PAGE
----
• State Department Organization

  • Intelligence Community

  • State – DOD relations

Note: Threat Paper Assigned


  • “History of the NSC, 1947-1997

  • DOD Organization at Read section on “Organizational Structure.”

  • “State Department Organization,” At (read section on “Organization” through section entitled “Diplomacy at Work: A U.S. Embassy”)

  • CIA website at Read sections on “About the CIA,” “Director of Central Intelligence, and “Central Intelligence Agency.”

January 28 (SESSION 3)
National Security - The Context

  • Discussion of Threat / Challenge Assessment Paper (2 pages)

  • Nostalgia for the Cold War

  • Foreign Policy & Defense

  • Morality/Idealism/Realism/Pragmatism

  • Terrorism as a Central Focus (The Five Battlefields)


  • Ambrose and Brinkley, Rise to Globalism.

We would like you to read the entire book for this lesson. Concentrate especially on Chapter 4 through 10 and 13 through 16.

  • Melvyn Levitsky: “A New Kind of Enemy and a New Kind of War,” Syracuse University Magazine, Winter 2001-2002.

February 4 (SESSION 4)
The U.S. and the World, Part I

  • The Clash of Civilizations, Samuel Huntington, Responses to Huntington. Foreign Affairs, Summer 1993.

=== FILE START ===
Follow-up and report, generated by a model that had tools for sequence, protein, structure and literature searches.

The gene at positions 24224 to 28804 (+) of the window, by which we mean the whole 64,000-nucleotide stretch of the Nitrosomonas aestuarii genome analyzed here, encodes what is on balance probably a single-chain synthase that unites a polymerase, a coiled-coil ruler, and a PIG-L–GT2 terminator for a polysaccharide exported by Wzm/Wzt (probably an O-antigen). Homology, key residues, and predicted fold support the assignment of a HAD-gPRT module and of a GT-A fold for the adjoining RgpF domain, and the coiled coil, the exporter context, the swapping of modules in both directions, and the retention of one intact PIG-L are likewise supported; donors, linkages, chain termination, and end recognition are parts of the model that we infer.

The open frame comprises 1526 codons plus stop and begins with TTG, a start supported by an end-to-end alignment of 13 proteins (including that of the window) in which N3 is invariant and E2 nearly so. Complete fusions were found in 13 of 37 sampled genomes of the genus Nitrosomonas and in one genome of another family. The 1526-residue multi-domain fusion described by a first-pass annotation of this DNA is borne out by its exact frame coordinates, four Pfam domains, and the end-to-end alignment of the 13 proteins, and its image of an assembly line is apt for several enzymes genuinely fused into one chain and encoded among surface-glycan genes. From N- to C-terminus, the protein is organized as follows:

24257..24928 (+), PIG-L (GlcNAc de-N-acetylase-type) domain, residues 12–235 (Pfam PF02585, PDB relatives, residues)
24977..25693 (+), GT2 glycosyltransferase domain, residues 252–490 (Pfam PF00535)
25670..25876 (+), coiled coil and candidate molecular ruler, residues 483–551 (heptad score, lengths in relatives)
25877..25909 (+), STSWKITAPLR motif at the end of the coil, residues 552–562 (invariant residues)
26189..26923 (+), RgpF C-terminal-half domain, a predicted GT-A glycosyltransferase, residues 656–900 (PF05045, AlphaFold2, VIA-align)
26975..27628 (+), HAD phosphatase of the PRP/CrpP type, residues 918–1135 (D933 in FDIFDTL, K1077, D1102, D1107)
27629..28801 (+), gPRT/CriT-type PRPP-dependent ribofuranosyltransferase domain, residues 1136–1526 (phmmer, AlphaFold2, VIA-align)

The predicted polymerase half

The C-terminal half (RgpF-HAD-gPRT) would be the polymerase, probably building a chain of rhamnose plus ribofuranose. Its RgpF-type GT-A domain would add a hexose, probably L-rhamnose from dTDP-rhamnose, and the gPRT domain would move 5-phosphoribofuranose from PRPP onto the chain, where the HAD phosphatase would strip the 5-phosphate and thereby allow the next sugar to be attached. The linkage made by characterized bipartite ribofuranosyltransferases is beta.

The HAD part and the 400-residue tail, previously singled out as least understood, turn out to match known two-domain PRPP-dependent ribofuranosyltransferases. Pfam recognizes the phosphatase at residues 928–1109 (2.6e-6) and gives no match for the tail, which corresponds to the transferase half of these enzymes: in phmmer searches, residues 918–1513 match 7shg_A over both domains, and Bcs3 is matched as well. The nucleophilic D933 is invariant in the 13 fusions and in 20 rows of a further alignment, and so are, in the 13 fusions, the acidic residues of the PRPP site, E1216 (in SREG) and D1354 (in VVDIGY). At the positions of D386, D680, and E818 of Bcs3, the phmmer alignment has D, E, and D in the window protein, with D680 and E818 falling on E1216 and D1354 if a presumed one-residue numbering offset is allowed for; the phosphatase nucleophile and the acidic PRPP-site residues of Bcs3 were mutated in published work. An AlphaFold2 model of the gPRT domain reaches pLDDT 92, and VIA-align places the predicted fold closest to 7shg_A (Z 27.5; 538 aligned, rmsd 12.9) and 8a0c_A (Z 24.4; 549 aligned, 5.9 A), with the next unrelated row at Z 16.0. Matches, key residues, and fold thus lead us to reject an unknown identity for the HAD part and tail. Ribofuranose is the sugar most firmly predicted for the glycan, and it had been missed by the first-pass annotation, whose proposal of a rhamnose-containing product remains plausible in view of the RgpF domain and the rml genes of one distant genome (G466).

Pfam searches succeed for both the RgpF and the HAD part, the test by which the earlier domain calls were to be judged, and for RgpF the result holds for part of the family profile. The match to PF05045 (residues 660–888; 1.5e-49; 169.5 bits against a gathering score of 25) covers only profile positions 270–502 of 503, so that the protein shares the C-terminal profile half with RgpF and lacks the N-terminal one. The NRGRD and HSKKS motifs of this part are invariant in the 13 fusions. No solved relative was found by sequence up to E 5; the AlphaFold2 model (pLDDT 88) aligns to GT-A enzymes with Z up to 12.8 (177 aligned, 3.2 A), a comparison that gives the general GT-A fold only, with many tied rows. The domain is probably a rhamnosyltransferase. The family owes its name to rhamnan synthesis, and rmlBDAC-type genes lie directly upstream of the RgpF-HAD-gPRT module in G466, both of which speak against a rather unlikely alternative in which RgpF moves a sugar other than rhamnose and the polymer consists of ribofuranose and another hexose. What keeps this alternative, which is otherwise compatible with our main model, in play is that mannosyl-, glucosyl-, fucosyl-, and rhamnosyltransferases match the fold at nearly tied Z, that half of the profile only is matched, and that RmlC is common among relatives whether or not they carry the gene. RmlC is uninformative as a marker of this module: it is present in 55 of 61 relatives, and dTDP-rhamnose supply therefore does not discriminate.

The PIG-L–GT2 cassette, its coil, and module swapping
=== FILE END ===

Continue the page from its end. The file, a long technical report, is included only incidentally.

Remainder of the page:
• Give War a Chance, Edward N. Luttwak, Foreign Affairs, July/August 1999.

  • “Between Concert and Unilateralism.” Joseph B. Nye. The National Interest, Winter 01/02

  • “The Eagle Has Crash Landed,” Immanuel Wallerstein. Foreign Policy, July/August/02

Note: Threat Papers Due

February 11 (SESSION 5)
Civil – Military Relations / War Powers

  • Group assignments made

Note: One-page case analyses due on today’s case


  • The Gap: Soldiers, Civilians and their Mutual Misunderstanding, Peter D. Feaver and Richard H. Kohn. The National Interest, Fall 2000.

  • Why the Gap Matters, Eliot A. Cohen. The National Interest, Fall 2000.

  • The War Powers Act, Public Law 93-148.

  • War Powers Resolution: Presidential Compliance, Congressional Research Service, March 15, 2001.


Generals vs. the President: Eisenhower and the Army, 1953-1955, A. J. Bacevich and Lawrence F. Kaplan, National Security Studies Case Program, CS 0697-02.

February 18 (SESSION 6)
Transnational Threats: Drugs, Terrorism and the Military

Note: One-Page case analysis due on today’s case

  • “Narco-Terror: The International Connection Between Drugs and Terror.” Lecture by Drug Enforcement Administrator Asa Hutchinson, 4/2/02.

  • Excerpts from Symposium on Drugs and Terrorism at DEA Library, 12/4/01. Raphael Perl, Larry Johnson.

“The Pentagon and the War on Drugs.” Harvard Kennedy School Case Study, 1149.0 & 1150.0. Parts A & B.
February 25 (SESSION 7)
Diplomacy, Sanctions and Force